This book is all about dance stance, and while that might sound simple, there's quite a bit to it. Starting with a few, personal thoughts to the reader, the chapters then dive into the various aspects and hints to create the basic stance for ballet. It describes the importance in paying attention to positioning, while explaining exactly how that is achieved and what to look out for. There are also more than a couple short letters from ballet dancers, which offer thoughts and personal insights into dancing. And there is more than a little support and enthusiasm along the way.
This is written as if the author is directly talking to the reader, which gives it a very personal atmosphere. The reader learns exactly how to hold their feet, legs, and other parts of their body through very exact descriptions, which are accompanied by quite a few fun comparisons (zipping pants, leaning in to smell a huge pot of spaghetti). I was glad to see that it's also explained why these positions are important. The text is kept fairly short in a usual earlier chapter book style. While much of it is simple to read, there were several sections, where the writing is better geared for slightly older (lower middle grade) audiences. So, this may fit better for a slightly older audience (ages 7 to 10) in many cases.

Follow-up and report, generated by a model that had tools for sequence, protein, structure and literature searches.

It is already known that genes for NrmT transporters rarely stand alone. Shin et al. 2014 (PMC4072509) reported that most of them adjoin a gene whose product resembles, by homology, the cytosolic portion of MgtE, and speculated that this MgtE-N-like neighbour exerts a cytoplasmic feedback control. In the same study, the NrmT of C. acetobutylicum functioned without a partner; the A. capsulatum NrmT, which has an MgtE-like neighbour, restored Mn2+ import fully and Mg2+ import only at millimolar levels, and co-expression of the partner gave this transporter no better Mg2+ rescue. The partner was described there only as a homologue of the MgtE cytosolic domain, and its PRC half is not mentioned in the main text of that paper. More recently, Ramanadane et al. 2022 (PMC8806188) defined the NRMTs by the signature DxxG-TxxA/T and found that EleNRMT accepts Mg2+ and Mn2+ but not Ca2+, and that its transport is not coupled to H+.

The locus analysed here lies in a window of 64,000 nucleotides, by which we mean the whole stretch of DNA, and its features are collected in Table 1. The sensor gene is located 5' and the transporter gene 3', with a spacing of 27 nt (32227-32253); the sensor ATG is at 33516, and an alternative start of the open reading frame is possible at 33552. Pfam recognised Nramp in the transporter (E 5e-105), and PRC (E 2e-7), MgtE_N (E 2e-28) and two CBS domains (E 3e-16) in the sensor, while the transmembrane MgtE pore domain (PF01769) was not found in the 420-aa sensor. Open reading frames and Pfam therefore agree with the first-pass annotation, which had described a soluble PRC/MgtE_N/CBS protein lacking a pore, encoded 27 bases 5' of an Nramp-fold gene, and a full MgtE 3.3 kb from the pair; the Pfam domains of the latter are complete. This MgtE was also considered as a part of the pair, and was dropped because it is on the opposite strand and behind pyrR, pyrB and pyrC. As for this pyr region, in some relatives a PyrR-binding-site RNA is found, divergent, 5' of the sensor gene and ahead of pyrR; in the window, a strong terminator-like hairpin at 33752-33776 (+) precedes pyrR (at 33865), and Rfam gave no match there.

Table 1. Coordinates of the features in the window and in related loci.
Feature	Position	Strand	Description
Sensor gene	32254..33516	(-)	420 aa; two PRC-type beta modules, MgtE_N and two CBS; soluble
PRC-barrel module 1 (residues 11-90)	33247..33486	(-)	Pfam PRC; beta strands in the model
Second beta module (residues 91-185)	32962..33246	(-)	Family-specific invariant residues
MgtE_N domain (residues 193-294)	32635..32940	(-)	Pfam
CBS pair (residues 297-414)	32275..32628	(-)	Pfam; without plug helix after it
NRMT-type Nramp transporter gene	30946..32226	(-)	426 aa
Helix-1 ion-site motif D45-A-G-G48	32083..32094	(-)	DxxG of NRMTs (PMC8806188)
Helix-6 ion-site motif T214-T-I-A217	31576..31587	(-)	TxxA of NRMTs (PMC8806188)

The illustrations are full of positive vibes, add a touch of humor, and keep a perfect-ballet-feel thanks to the pastels and soft lines. These are fun to flip through, and they do offer assistance in understanding the positions described in the text, when necessary.
To top everything off, the letters from other ballerinas give words of encouragement and add a very, nice touch. Readers will realize that ballerinas, who have already been dancing/learning for awhile, are just like them. Plus, the thoughts and concerns are ones they themselves might have, at one time or another. The reader feels as if they're being embraced into the group and are truly welcome to the ballet realm.
—Tonja D at www.bookwormforkids.com